As with hydrogen, New Holland is forerunner here. In 2013 the company presented the first prototypes, still with nine gas containers attached around the tractor. A new model in 2019 looked much more streamlined, and a series is announced for 2021. The machine pulls its 180 HP out of a 6-cylinder Otto engine with four valves per cylinder. Pure methane is injected into the combustion chambers at 24 bar. Exhaust gas treatment is through a three-way catalysator. And nothing else is required - no particle filter, no AdBlue. The manufacturer says this means 10 % less CO2 emissions compared with a diesel-fuelled engine. If the tractor is fuelled with biomethane, the energy balance is almost equalised, so long as one ignores the fact that the area used for the biogas raw material could have produced another crop (»opportunity costing«).
In 2015 Deutz-Fahr also presented a tractor powered by (as with New Holland) a diesel engine converted to run with spark ignition. Power output: 115 HP. It therefore also managed without intricate exhaust gas cleaning and claimed 10 to 15 % less CO2 emissions. Even with seven compressed gas tanks this experimental model offered only half the travel range of a diesel tractor.
Valtra followed another concept from 2010 with a »dual-fuel« tractor. Its four-cylinder diesel was fuelled with a methane-diesel mix, the ratio of which varied according to the operational conditions. A small series production run was actually started but the big problem with this concept was the technology was not granted a universally valid vehicle registration certificate, meaning that every tractor had to be individually registered.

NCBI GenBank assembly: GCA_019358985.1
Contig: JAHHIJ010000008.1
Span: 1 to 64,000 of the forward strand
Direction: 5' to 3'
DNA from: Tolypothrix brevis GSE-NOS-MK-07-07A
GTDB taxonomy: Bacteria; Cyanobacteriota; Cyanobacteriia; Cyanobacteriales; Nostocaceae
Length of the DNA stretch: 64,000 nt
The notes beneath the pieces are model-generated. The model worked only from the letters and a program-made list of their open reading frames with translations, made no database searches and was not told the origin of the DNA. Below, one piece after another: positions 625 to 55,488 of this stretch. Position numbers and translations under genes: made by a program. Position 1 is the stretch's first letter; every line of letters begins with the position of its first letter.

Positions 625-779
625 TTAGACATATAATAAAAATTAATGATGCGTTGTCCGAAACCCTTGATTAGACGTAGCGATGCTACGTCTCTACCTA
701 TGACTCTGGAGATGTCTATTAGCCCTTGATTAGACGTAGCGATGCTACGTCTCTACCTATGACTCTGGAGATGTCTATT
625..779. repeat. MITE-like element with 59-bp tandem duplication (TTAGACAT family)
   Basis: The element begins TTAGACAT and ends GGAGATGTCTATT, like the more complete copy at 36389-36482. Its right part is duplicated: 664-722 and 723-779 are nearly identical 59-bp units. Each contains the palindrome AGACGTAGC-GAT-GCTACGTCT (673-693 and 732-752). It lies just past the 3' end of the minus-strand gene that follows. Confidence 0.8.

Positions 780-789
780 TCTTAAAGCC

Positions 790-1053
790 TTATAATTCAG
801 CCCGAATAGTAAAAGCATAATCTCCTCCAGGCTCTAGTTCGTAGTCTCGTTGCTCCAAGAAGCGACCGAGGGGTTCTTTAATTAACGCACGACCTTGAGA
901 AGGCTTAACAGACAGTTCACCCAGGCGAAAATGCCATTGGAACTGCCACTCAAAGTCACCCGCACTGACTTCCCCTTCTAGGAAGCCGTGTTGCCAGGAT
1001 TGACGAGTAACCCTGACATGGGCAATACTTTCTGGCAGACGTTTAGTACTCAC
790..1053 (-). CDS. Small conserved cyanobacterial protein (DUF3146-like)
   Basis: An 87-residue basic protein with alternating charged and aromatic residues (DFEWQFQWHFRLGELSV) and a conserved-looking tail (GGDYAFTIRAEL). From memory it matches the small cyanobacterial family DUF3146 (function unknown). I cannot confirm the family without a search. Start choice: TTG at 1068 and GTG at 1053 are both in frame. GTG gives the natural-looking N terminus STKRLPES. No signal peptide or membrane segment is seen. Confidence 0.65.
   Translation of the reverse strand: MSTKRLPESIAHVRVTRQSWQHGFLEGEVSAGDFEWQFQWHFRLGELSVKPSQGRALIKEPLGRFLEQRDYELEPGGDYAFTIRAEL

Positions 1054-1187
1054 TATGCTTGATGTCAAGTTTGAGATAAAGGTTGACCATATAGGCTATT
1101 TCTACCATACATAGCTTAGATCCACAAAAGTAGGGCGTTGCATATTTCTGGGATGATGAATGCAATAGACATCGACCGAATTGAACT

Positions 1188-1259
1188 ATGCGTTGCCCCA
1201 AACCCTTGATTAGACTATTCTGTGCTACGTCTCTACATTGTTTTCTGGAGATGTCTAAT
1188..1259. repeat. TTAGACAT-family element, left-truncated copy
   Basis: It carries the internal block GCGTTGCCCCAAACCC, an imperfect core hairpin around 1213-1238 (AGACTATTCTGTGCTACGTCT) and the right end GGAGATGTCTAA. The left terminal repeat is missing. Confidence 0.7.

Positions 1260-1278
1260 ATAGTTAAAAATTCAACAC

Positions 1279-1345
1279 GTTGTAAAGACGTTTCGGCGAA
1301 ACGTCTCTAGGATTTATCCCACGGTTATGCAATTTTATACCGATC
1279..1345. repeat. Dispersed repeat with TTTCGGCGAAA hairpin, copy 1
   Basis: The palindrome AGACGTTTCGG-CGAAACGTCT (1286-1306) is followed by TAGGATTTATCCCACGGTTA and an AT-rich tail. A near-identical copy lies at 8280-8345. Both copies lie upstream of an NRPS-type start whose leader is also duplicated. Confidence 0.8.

Thus, from concept through to practical application, gas engines appear to still have a way to go. Admittedly, such tractors have been working for years now on company experimental farms and within research institutes. And theoretically, the cyclical concept of field - biogas plant - tractor and back to the field is practicable. It would be even more interesting if, in the interests of climate protection, biogas fermentation residues were used for gas production, or so-called »paludiculture« with rewetted peatlands.
But the biggest practical problem hereby is that there are very few countries where biogas, not to mention further-reaching concepts, is so strongly supported as in Germany. A biogas plant only for the tractor appears illusory. As with electromobility, instruments to encourage interest and application appear to be necessary to overcome the problems from lack of infrastructure, because a cyclical economy based on the individual farm is maybe a bit too romantic.